And that thought just niggles at him. So much so that he springs Max out of prison and they befriend a Buffalo actress (Vera Farmiga) who just happens to be doing a play in an old theatre that has a prohibition-era tunnel running from its basement straight to the bank’s vault. Convenient! Love and money, all in one fell swoop.

Of course, Henry is not exactly a professional thief. He got caught – and remember, he got caught for a crime he DIDN’T commit. How much of a disaster is he going to be with the real thing?

Safe to say this film (released in 2011) is NOT part of the Keanussance. Reeves suffers from the coolest of detachments while the rest ham things up. Farmiga in particular is several degrees north of TOO DAMN MUCH. Henry’s Crime is entertaining at times, merely watchable at others, and sometimes it’s just slow and not building to much. Sometimes I’m startled to come across titles featuring several prominent actors that I’ve simply never heard of before, but the reason why usually becomes quite clear, quite quickly. While there are worse crimes than Henry’s, a misdemeanor rather than a felony, it’s still not worth doing time for.

Swiped

You should swipe left HARD on this movie. HARD.

James (Kendall Ryan Sanders) is a nerd at college where he is immediately bullied by his roommate Lance (Noah Centineo) and his mean boy cronies. They force him to code a new hookup app called Jungle that will allow them to sleep with women, no strings attached. Jungle has a whole bunch of stipulations: girls must post photos of themselves in underwear; no names are to be exchanged; no date or activity or expenditure of money is necessary; one night stands only. And for some reason, every single man in the entire world feels entitled to these conditions, and for fear of being alone, all the women go along with it.

This movie is an anti-feminist pukefest. I could barely stand to hate-watch this. The writing is bad, and with the exception of Noah, the delivery is terrible. If you cast this from a sign-up sheet in any high school, you could not do worse that this assemblage of blatant first-timers. But let’s focus on the writing, because it is truly among the worst and the most offensive I’ve ever come across. Imagine in 2019 green-lighting a movie that has an 18 year old virgin mansplaining romance to a roomful of women. Clearly the only reason this movie got made is because it was lucky enough (or early enough) to attach teen heartthrob Noah Centineo in a lead role. Sure he plays a douchebag, but then again, 100% of the males in this film are complete and utter pigs. He just gets the most screen time.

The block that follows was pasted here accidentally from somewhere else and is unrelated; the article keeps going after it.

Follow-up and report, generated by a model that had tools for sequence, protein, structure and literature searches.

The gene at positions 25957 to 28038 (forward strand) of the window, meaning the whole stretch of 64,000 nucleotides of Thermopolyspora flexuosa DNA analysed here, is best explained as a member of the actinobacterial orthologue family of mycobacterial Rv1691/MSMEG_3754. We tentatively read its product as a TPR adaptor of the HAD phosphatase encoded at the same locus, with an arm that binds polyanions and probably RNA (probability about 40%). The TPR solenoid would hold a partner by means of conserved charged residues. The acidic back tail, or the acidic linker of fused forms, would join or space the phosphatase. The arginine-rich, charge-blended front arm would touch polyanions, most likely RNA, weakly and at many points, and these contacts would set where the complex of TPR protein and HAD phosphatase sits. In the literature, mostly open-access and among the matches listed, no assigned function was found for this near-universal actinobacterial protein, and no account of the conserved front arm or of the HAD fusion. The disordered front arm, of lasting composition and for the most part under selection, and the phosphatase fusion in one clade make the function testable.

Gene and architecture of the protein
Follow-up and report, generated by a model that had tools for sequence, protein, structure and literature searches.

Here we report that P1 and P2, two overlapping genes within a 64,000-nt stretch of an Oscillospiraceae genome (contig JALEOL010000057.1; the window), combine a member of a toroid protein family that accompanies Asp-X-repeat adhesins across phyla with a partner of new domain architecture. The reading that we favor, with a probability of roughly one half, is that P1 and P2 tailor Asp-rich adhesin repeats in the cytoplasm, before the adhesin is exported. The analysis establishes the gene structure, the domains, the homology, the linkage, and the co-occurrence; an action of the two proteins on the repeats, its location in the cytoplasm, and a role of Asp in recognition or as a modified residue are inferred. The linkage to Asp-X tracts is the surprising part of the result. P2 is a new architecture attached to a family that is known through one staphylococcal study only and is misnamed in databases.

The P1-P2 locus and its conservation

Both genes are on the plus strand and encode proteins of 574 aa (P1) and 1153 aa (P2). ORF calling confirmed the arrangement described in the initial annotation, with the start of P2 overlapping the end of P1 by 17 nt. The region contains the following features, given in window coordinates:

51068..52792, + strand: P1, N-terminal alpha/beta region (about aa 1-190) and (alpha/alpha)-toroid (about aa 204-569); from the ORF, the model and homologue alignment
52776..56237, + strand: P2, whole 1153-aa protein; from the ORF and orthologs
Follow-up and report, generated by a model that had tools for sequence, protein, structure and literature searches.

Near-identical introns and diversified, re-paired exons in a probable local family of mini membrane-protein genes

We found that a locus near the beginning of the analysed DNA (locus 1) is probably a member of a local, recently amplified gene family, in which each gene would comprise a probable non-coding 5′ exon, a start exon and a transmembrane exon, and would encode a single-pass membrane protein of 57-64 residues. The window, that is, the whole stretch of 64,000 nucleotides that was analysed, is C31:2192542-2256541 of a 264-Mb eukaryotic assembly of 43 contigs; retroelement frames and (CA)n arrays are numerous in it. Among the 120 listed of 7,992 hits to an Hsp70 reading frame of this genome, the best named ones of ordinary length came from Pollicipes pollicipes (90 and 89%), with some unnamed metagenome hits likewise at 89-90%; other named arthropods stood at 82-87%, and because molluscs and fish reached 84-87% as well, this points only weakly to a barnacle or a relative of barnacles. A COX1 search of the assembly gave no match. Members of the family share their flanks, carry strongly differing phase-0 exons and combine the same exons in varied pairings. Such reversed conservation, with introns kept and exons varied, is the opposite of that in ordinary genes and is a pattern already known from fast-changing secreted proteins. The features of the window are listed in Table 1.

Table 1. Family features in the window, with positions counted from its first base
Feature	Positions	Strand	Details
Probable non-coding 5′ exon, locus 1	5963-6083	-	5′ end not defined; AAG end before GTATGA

I’m disgusted on behalf of all women of their portrayal in this film as weak, meek, and totally clueless. But I’m also disgusted on behalf of a good 40-60% of men who in fact would not be so shallow, short-sighted and slimy. If this movie is supposed to be satire, and believe me, that’s a big IF, it has completely missed the mark. It doesn’t have any of the insight or intelligence required to pull of satire. Instead it just reads as a reckless endorsement of a dating app gone wrong. It makes the folks at Ashley Madison look like angels. In fact, Ashley Madison, morals aside, is a site that offers people a choice. IF you’re married and you’d still like a side piece, sign up. But Jungle’s mission statement acknowledges that women won’t consent to this under normal conditions, so the goal is to make it so they don’t have a choice. Which is a much higher level of sleaze than anyone really wants to admit.

But the good news is: no one can force you to watch. This movie is a dumpster fire and a black hole of entertainment. Keep swiping. Netflix is the purest embodiment of ‘there are plenty of fish in the sea’ – they’re not all winners, but there are occasional gems, and frankly, it would be nearly impossible to do worse than Swiped.